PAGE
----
Thursday, May 19, 2005

Graduating While Pregnant: After All These Years - He's Still A Stud, She's Still A Slut

Bravo to a courageous young woman: Alysha Cosby

Although the Roman Catholic School claims to have a policy of nondiscrimination, the pregnant student was not allowed even to attend classes during the last few months of the school year. Alysha Cosby was instead required to study at home, due to “safety concerns.” This sounds suspiciously like the old “you show, you go” rule that was in full force back in the dark days before second wave feminism and Title IX.

No doubt it was also "safety concerns" that prompted school officials to deliver Alysha Cosby's diploma to her home and even to omit her name from the graduation program.
The unwed father was apparently permitted to attend school for the full year. The unwed father was permitted to participate in the graduation.

He's a stud. She's a slut. Gawd, when are these male supremacists going to die off?

Banned from graduation for the crime of contributing the ovum instead of the sperm, Alysha Cosby waited until the end of the ceremony before bravely announcing her own name and walking proudly across the stage. Her courageous act of resistance was met with applause and cheers from some of the audience.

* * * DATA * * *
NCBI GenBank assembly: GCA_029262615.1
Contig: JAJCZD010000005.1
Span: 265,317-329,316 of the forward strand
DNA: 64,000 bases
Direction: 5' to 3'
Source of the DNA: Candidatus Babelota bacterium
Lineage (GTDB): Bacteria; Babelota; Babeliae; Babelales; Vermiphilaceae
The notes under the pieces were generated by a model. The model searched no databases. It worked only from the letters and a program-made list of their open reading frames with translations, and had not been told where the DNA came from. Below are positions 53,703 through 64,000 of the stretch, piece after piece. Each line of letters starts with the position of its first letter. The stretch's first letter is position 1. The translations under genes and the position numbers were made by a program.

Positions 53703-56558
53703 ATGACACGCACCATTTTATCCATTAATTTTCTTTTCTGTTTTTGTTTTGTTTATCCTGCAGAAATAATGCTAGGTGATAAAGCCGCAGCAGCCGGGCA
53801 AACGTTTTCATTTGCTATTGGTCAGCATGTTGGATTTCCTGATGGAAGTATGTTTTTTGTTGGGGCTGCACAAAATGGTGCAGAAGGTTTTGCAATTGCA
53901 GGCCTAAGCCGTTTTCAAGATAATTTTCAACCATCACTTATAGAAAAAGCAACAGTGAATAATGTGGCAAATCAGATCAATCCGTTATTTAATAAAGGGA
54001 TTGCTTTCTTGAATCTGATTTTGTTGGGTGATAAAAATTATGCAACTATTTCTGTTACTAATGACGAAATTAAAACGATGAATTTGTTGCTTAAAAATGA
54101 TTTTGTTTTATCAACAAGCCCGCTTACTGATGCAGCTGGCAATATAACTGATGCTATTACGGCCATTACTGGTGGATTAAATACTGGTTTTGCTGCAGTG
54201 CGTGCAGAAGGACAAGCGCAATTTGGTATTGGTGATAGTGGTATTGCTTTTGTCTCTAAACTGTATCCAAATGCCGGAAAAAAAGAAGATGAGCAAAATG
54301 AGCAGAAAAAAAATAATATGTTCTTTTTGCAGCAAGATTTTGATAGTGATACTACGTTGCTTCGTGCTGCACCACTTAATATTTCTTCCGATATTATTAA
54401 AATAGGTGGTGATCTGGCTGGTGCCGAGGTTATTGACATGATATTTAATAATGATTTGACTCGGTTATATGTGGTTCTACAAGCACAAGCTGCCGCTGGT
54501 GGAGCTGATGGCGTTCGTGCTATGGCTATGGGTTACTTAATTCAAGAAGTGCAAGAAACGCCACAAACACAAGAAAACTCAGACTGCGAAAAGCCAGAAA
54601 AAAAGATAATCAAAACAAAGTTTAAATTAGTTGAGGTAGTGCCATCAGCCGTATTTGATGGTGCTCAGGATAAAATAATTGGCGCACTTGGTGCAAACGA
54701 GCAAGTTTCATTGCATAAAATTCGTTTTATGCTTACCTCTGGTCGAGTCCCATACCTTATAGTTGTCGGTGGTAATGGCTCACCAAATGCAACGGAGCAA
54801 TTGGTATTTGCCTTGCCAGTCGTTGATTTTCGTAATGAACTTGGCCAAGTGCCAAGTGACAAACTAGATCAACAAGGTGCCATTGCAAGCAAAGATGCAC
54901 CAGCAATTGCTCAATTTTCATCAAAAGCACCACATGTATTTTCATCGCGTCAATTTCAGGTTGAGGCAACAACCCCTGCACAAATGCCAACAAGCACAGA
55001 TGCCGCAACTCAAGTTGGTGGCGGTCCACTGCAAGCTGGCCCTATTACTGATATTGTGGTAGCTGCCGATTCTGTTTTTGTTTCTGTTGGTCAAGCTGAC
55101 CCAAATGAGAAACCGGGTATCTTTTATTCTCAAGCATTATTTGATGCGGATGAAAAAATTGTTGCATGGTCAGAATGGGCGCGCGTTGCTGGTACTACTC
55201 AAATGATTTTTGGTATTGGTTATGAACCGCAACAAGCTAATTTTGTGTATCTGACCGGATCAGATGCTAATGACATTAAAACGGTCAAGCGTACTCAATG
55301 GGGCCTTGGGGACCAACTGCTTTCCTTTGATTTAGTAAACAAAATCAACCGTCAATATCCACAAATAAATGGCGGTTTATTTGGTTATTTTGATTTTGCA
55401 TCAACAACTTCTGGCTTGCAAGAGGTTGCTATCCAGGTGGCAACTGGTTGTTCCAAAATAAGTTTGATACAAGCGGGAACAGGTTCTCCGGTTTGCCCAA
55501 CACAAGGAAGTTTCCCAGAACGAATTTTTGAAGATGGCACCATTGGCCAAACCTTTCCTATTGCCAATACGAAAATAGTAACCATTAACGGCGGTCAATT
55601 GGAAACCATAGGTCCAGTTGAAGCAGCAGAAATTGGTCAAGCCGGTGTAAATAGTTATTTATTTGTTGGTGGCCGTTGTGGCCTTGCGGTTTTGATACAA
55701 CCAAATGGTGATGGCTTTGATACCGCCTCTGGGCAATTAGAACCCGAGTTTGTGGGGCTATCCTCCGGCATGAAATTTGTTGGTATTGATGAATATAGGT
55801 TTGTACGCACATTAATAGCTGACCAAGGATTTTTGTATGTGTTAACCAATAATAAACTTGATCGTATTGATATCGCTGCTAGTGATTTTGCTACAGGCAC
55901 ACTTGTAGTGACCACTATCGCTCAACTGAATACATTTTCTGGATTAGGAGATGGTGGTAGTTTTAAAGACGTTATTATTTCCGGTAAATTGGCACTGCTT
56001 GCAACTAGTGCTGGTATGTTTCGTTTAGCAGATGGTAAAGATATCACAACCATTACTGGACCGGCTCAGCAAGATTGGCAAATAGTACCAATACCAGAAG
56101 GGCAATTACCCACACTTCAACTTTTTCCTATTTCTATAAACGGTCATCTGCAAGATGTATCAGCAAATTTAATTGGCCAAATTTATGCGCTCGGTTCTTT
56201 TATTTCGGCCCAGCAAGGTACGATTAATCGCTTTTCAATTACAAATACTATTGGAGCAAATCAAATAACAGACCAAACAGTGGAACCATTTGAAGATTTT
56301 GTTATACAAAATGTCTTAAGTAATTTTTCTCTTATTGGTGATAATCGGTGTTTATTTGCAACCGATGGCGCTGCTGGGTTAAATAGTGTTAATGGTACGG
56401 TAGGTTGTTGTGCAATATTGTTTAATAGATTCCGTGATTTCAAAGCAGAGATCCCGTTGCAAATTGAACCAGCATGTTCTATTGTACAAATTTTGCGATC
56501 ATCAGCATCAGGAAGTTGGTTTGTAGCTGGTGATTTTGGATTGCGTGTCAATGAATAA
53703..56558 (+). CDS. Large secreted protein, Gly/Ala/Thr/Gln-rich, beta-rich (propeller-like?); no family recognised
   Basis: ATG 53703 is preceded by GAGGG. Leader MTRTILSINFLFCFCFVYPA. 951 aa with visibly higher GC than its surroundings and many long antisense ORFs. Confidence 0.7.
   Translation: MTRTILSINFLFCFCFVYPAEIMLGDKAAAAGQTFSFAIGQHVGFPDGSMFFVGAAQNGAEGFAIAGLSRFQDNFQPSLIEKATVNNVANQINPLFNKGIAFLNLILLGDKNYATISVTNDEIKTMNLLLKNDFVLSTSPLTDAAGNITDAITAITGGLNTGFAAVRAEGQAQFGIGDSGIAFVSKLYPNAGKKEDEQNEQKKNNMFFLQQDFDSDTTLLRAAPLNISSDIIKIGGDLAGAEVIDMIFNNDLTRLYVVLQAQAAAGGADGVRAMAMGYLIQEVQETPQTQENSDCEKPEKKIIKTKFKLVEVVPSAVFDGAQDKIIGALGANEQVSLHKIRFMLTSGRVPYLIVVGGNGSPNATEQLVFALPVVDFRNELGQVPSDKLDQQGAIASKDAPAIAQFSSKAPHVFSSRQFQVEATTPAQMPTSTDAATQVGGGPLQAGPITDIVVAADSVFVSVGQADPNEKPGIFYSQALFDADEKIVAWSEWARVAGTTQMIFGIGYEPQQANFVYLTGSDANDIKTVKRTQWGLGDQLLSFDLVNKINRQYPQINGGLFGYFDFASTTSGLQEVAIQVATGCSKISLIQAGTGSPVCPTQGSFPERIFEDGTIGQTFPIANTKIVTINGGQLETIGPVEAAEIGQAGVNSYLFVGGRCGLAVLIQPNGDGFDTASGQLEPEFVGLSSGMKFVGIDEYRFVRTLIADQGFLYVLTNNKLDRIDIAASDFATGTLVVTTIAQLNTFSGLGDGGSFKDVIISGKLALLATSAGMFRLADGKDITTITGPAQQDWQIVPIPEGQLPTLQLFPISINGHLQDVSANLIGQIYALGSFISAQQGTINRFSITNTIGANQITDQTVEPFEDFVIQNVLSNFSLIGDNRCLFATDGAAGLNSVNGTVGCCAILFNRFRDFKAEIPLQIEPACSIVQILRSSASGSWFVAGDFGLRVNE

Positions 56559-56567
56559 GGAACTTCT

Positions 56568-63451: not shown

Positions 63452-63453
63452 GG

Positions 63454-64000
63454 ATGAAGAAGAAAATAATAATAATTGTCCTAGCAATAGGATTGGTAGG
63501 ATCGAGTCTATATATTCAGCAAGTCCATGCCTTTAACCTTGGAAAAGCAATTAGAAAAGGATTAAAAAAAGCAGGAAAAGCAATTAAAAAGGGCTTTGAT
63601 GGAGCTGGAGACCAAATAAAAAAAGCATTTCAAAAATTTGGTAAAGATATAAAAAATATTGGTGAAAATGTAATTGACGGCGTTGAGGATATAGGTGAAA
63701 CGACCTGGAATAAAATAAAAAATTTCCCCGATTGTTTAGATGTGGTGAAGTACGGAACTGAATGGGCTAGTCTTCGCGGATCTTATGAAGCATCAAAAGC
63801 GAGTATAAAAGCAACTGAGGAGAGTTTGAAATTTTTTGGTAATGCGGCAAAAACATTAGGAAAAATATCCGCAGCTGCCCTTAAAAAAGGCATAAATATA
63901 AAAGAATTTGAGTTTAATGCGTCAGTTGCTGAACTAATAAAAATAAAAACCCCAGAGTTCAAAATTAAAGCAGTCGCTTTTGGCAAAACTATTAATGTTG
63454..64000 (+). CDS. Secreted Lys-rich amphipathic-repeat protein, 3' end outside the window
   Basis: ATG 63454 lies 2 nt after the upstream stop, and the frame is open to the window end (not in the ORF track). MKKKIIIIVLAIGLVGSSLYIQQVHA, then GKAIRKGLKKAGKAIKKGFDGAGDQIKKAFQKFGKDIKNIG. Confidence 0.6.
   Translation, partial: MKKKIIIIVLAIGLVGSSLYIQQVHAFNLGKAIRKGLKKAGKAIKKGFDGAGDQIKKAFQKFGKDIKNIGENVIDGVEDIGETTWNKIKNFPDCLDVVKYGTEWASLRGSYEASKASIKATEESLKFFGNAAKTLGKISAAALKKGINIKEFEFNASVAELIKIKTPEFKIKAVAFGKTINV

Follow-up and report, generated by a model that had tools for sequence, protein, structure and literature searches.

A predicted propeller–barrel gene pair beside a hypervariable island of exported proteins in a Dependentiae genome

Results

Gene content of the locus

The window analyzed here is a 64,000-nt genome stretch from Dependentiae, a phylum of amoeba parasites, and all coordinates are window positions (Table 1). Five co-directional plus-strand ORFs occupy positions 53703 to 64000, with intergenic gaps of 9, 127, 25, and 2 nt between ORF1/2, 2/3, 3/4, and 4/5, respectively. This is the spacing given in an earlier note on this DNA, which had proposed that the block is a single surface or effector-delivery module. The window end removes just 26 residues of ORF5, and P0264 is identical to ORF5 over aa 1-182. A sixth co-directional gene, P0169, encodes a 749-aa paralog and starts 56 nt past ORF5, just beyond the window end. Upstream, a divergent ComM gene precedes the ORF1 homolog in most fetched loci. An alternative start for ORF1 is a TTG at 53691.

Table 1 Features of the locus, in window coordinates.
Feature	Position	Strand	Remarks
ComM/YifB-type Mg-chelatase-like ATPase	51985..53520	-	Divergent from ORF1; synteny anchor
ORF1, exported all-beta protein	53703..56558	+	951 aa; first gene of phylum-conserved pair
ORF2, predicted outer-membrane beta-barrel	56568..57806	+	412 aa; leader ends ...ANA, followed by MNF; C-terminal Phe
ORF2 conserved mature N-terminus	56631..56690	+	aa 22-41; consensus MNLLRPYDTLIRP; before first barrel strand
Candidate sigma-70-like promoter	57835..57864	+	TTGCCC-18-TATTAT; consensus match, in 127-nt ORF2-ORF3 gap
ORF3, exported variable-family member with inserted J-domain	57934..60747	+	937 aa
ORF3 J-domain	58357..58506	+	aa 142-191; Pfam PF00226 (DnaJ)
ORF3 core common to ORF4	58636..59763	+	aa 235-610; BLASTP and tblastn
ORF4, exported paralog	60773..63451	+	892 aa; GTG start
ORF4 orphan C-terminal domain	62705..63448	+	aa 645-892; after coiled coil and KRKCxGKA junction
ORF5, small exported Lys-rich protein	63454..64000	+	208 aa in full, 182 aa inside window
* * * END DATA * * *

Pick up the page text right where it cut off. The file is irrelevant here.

School officials had a different response. Unbelievably, Alysha’s mother and aunt were escorted out of the hall by the police!

Alysha’s mother, Sheila Cosby said: "I can't believe something like this is happening in 2005."

Many of us have been saying almost the exact same thing ever since 2000.

One thing for sure, about the only time we hear of outrages such as this one is when some brave soul draws a line in the sand and resists. (can you hear me, Newsweek?)

Thank you, Alysha Cosby.

Presumbably St. Jude Educational Institute, in Montgomery, Alabama, does not receive any federal funds. Else it would be guilty of violating Title IX. Yes, Virginia, private religious schools often do receive federal funds, so we can't be sure that St. Jude does not.

Title IX was passed by Congress on June 23, 1972. The civil rights law prohibits discrimination in education programs and activities that receive federal funds.

Before Title IX:

Female students were not allowed to take certain courses, such as auto mechanics
Male students could not take home economics
Female athletics generally consisted only of cheerleading
Most medical and law schools limited the number of women admitted to 15 or fewer per school
Many colleges and universities required women to have higher test scores and better grades than male applicants to gain admission
Women living on campus had curfews
Women faculty members were excluded from faculty clubs and encouraged to join faculty wives' clubs instead
Female school teachers often had to leave their jobs when having children
Pregnant and parenting students were forced to drop out, thus abandoning their education altogether

After 3 1/2 more years of Bush, this may well be our brave new world.